I find it incongruous that a newspaper of record would mount a political campaign, and make no mistake, for that is what they are doing.

 


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  • “The politics of envy gets you nowhere. It never has. Yet Labour, and Obama follow it assiduously.”

    The problem is Cam, that plenty of people will vote for them – the level of economic and historical literacy in the West is pretty low.

    • StupidDiscus

      the level of economic and historical literacy in the West is pretty low.

      As the mean over the total population, it’s higher than it’s ever been.

      that’s not the problem.

      As the median & mode of the voting electorate it’s lower than its ever been.

      that’s the problem.

  • StupidDiscus

    80 percent more than it did 30 years ago with nearly 8 million fewer workers needed.

    Right!! In other words the US simply has at least 8 million more bludgers. There is no need or reason whatsoever for taxpayers to somehow have to support any one of these, in fact to do so in any way is completely and utterly economically illiterate — the labour market equivalent of insisting, say, the FAA Air Navigation aids should be based on the belief that the earth is flat! These bludgers are nothing but a drag on the economy, plain and simple.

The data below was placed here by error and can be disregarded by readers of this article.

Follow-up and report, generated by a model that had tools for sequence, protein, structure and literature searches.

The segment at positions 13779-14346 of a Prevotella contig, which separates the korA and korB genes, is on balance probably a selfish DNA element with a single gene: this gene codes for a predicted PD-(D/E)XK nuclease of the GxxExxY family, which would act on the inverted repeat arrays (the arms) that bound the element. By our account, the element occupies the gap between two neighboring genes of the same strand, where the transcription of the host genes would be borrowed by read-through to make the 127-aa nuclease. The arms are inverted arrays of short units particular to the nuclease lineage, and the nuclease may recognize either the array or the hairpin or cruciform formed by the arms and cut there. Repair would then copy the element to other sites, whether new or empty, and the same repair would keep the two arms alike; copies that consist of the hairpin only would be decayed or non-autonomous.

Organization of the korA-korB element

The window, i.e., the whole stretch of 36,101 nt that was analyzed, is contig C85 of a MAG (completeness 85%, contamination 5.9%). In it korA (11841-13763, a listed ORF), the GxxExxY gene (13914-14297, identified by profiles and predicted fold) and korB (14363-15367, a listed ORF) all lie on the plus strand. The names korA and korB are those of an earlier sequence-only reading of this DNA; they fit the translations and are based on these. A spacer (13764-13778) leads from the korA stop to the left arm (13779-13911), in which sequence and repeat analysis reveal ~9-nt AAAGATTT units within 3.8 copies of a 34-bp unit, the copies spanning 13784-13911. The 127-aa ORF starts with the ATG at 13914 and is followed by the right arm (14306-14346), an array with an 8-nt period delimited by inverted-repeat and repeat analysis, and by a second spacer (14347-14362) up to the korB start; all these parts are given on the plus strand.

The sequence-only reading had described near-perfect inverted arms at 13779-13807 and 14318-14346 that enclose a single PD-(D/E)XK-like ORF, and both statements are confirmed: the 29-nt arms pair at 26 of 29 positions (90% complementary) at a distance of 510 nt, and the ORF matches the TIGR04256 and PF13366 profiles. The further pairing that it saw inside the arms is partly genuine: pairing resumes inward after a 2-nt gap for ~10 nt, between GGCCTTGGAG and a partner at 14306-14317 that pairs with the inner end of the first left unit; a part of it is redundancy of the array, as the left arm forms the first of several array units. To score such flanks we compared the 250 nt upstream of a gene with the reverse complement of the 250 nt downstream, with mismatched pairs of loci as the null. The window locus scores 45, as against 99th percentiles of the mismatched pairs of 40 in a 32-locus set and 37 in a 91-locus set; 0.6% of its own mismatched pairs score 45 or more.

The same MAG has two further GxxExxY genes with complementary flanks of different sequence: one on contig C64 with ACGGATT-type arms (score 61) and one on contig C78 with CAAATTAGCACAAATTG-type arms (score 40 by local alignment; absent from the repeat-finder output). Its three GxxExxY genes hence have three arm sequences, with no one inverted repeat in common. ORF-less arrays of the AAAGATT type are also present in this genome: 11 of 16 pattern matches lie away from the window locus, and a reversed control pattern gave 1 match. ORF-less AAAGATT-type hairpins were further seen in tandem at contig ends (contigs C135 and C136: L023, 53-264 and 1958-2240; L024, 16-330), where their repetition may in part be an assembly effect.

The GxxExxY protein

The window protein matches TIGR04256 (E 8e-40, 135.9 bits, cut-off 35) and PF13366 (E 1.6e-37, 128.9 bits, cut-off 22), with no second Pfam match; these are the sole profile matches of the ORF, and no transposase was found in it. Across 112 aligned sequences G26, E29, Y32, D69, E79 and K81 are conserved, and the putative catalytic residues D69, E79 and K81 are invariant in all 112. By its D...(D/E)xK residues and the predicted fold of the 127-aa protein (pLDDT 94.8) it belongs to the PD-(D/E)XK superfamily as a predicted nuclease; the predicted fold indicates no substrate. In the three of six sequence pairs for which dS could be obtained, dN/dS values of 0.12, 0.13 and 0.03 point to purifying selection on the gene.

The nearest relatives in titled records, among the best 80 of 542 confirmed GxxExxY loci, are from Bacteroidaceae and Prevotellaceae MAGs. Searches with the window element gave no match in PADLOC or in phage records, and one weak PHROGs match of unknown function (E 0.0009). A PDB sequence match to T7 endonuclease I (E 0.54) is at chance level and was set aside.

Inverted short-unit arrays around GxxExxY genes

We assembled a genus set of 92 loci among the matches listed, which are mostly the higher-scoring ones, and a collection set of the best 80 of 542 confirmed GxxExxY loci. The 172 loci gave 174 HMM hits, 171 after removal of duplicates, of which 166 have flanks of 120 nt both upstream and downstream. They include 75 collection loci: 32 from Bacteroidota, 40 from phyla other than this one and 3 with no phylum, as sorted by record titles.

But then:

    I find it incongruous that a newspaper of record would mount a political campaign,

    Oh for goodness sake! Newspapers have always been and are political – you at least should know that. The problem is any newspaper running a progressive, communist, and plain innumerate campaign.

  • johnbronkhorst

    The railway wagon example is brilliant but as brian says it, people are economically ignorant. So it needs, I feel, the following explaination.
    If we build rail wagons in NZ, they will cost more, staff will need retraining (cost) as they haven’t “built” a wagon in nearly 30 years, if the lifespan of these wagons (with maintenance [ a different skill using existing staff, not the manufacturing staff]) is 20 years and they take 2 years to build…..what are the manufacturing staff going to do for the remaining 18 years? If they build wagons for the international market, they will be competing with (and losing to) the …………..CHINESE!!!! But when did we think that labour and the unions ever did any thinking around the ACTION and CONSIQUENCE area of analysis????

  • Patrick

    Smarter government – what an oxymoron

  • Theres an old saying: If you pay peanuts, you get monkeys! Company shareholders only invest their money to make money. Workers only invest their time to make money. Thats what its about. The mighty dollar. When Henry Ford doubled his factory wage in 1914, every businessman, economist and entrepeneur slammed him, however, his move actually cut his costs by retaining trained productive staff, whilst attracting trained staff from his opposition. It costs money to hire and train staff. Ford’s idea was to spend that money retaining staff. It worked to the point where he was saving money.
    A high staff turnover is a sign of lousy management. So too is a low staff morale (with the resultant low productivity).